Know Your Legal Rights
Equal Access Act
This law, passed in 1984 protects students’ right to form clubs at any high school receiving federal funding.
The Equal Access Act puts clubs into two categories:
1. Curricular club, such as math, Spanish, computers
2. Non-curricular, like anime, chess, Key Club
GSAs are almost always considered non-curricular.
The Equal Access Act says that if a high school allows one non-curricular club, then it must allow any other non-curricular club to form, including your GSA.
It goes on to say that schools must treat all these clubs the same. So if other clubs are allowed use of the PA system to make announcements, put up posters in hallways or classrooms or hold meetings during school hours, your school must allow your GSA to do the same. Furthermore, your school can not require students to have parental permission to participate in your GSA if they do not require it of all other clubs.
The Equal Protection Clause of the 14th Amendment of the US Constitution says that the government must treat all citizens equally under the law. This means that it is illegal for your school to treat one group of students differently from another just because of who they are.
If your schools let’s straight couples hold hands, they can not punish you for holding hands with your boyfriend or girlfriend. If students are allowed to take a date to prom, your school must allow you to take a date of the same sex to prom as well.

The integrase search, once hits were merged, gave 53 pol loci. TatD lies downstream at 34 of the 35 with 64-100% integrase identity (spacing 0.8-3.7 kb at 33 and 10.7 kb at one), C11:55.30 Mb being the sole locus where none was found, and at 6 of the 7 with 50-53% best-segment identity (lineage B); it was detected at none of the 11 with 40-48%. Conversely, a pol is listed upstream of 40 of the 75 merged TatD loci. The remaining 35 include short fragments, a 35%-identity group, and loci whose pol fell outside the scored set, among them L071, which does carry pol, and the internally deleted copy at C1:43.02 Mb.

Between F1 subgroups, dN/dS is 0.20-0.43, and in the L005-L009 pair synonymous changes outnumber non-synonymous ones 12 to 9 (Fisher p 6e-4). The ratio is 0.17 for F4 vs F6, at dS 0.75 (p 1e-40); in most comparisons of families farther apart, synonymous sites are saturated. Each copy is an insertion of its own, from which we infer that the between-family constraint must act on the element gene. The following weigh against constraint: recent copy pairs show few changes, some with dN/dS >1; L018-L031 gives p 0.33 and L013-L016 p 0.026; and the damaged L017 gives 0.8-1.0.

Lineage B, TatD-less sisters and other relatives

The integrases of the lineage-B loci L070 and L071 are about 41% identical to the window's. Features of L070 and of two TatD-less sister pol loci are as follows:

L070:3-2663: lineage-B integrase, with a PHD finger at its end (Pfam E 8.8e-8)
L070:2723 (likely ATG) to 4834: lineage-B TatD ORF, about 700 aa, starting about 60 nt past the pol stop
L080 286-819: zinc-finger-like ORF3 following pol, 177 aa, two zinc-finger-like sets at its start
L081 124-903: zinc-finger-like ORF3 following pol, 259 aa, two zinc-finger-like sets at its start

First Amendment of the US Constitution
The First Amendment of the US Constitution gives you the right to freedom of speech and expression. It forbids the government and all of its agents, including public schools, from violating that right.
This means it is illegal for your school to prohibit you from talking about being gay at school, as long as you do not do it during class time.
Freedom of expression is usually carried over to things like your clothes, but your school must enforce the same dress code for everyone. So, if your school allows other students to wear t-shirts that express social or political views, they must allow you to wear gay pride shirts. As far as what you can wear to prom or graduation, the law is not very clear.
Freedom of speech also protects the right of school newspapers to print what they’d like. This right belongs to the school however, since they pay for and publish the paper. The rights of student journalists vary by state.
Federal courts have ruled that your school must take action if students are being harassed on the basis of sexual orientation or gender expression. Your school is obligated by law to take steps to end the harassment and protect you.
If you are being harassed or bullied at school:
1. Tell your principal, assistant principal or counselor about each incident, every time.
2. Keep a log of every incident, including date, time, where it happened, who was involved, what happened, who saw it happen, whom you told and what was done.
3. If you or your parents send a letter to the school or school board, be sure to keep a copy.
Your Right to Privacy
Federal courts have ruled that your school can not reveal your sexual orientation to your parents, or anyone else, without your permission, even if you are out at school.
Adapted from the ACLU: What’s your problem?